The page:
ISO-8859-1 to Unicode in HTML 4, HTML has referred to both
ISO 10646 and Unicode, and specifically refers to the bidirectional
text algorithm as coming from Unicode and not from ISO 10646.

(The character set was specified as coming from ISO 10646,
and IIRC at the time it was thought that there still might be the
possibility that Unicode would only be a portion of the
ISO 10646 character set.)

> > Opera supports this portion of the standard, but, it does
> > suffer from the same bug concerning the glyphs for CGJ and WJ
> > that IE does.
> I seriously doubt whether Opera's support is even close to the standard,
> but it suffices to state that if a browser does not adequately process the
> Unicode  control characters affecting line breaking, it fails to conform
> in a most essential way. This should not depend on font issues.
> >  Given that these two characters were only added in
> > Unicode 3.2.  I would expect that programs that rely entirely upon
> > the OS for glyph information will have to wait until new OS versions
> > that are aware of these characters are released to work correctly.
> Pardon? How would glyphs affect an issue that revolves around the
> principle of treating certain characters are invisible control codes?
> Surely the most trivial part of support to them would be to refrain from
> any attempts to display them using any font.

The line breaking characteristics of characters are independent of
whether they have a visible representation.  Not all class GL
characters are invisible.  Special casing the invisible class GL
characters would provide a more robust implementation, but
it would also slow it down needlessly if the OS and available
fonts handled the display correctly.  I can understand Opera
deciding that this should be a system and not an application issue,
altho given the reality of what is as opposed to what should be,
it should special case it until the OSes that it is intended to run on
correctly handle it.

> > Actually, given a bare-bones dumb implementation of UAX#14,
> > which is not difficult to implement:
> > [?&#xfeff;%&x#feff;x-1&x#feff;+2]
> > would suffice.
> Perhaps. My point was that browsers implement line breaking rules so
> poorly that if you're about to throw those control characters into your
> markup, making it virtually write-only, you might just as well put them
> everywhere to guard against browser bugs.
> > However, for such a case as you gave, something like:
> > <code>[?%x-1+2]</code>
> > with the exact desired presentation being supplied by CSS is likely
> > to preferable.  Anything that needs that much glue, probably needs
> > it for a reason attributable to the desired presentation of a semantic
> > element such as <code>, <a>, or even <span class="someclass">.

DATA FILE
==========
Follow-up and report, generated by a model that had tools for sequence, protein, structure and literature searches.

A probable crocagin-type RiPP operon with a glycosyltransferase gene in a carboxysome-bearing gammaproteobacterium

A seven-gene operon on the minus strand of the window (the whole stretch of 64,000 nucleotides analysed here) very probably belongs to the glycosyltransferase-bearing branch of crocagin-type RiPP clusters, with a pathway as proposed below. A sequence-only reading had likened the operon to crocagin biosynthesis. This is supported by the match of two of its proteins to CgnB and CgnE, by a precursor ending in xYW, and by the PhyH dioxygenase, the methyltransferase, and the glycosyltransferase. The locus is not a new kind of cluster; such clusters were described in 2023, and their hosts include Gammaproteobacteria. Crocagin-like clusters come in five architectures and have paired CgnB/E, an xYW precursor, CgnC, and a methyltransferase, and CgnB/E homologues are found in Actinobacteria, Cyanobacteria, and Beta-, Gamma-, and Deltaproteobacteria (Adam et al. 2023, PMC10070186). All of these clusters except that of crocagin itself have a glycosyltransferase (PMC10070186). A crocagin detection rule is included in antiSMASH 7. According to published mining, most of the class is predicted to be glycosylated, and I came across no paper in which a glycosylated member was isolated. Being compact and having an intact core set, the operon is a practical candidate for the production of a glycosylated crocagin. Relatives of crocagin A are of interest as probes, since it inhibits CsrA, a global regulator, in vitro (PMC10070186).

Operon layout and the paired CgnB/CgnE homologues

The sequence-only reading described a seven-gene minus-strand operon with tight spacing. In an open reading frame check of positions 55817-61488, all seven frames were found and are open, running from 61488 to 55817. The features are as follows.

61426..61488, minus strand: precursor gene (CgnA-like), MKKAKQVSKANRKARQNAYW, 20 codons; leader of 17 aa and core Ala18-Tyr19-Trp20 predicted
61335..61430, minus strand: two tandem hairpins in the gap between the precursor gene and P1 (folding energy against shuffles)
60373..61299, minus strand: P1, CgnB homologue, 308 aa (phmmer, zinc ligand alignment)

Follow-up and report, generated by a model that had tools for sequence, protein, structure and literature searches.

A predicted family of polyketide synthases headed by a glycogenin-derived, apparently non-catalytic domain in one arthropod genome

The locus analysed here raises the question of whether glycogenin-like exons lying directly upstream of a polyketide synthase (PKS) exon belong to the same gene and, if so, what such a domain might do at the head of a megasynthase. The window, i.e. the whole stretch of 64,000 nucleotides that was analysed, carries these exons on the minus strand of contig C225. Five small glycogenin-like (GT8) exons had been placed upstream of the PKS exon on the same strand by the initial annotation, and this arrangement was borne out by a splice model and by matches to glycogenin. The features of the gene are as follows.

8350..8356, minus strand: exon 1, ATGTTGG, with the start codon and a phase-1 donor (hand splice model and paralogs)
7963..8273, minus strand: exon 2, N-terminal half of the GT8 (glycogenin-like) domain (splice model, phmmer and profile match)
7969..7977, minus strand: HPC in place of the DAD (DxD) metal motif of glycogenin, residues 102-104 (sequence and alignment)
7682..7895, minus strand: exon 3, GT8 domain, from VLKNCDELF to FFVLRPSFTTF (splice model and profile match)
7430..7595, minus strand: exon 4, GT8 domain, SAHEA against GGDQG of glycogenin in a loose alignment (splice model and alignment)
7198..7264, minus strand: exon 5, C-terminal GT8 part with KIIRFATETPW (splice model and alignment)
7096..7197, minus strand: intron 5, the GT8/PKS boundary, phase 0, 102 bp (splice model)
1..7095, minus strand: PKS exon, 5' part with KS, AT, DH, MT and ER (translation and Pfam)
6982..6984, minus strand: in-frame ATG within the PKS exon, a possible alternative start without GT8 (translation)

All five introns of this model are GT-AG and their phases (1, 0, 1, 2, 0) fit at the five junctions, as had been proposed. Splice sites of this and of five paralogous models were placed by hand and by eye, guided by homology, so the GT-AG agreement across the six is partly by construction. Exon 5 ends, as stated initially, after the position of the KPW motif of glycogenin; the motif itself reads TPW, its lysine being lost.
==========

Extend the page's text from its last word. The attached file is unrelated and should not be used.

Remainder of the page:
> None of those markup elements implies non-breaking behavior in any way.
> You are now suggesting that the non-breakability is a purely
> presentational issue. Would this extend, for example, to the statement
> "the URL-encoded form of a space is %20"? That is, would it be quite OK,
> except for esthetics, to insert a line break after the "%" character?
> Using <code>%20</code> (in addition to being perhaps debatable
> semantically) would not say that %20 must not be broken.

I would say that <code> is certainly appropriate for such an example.
As for indicating that you want your codes to not use line breaks,
I'd say that is a job for styling.  If <nobr> belongs in, then so do
other presentational elements such as <b> and <i>.

> > The case that the original querent inquired about was for a justifying
> > non-breaking space.  For this, the simple case of WJ SP WJ is easy
> > to code.
> To some people, maybe. But in the vast majority of browsing environments,
> it produces just a mess.

At present, with current user agents, it does. In a few years I think that
it will
be safe to say that for the majority of users it will be a usable solution,
and in about five years only people using antiquated software will
need to worry about it, except that such software won't be able to handle
XHTML 2 in the first place. I do not consider it unreasonable to assume
that the normative portions of UAX #14 will also be implemented by those
user agents that can implement XHTML2.  The real fly in the ointment will
be those user agents that rely upon the OS for handling the rendering
of U+2060 as those agents will suffer from the problems we have both
described so verbosely unless the OS is updated to handle it correctly.
Received on Monday, 1 March 2004 03:00:36 UTC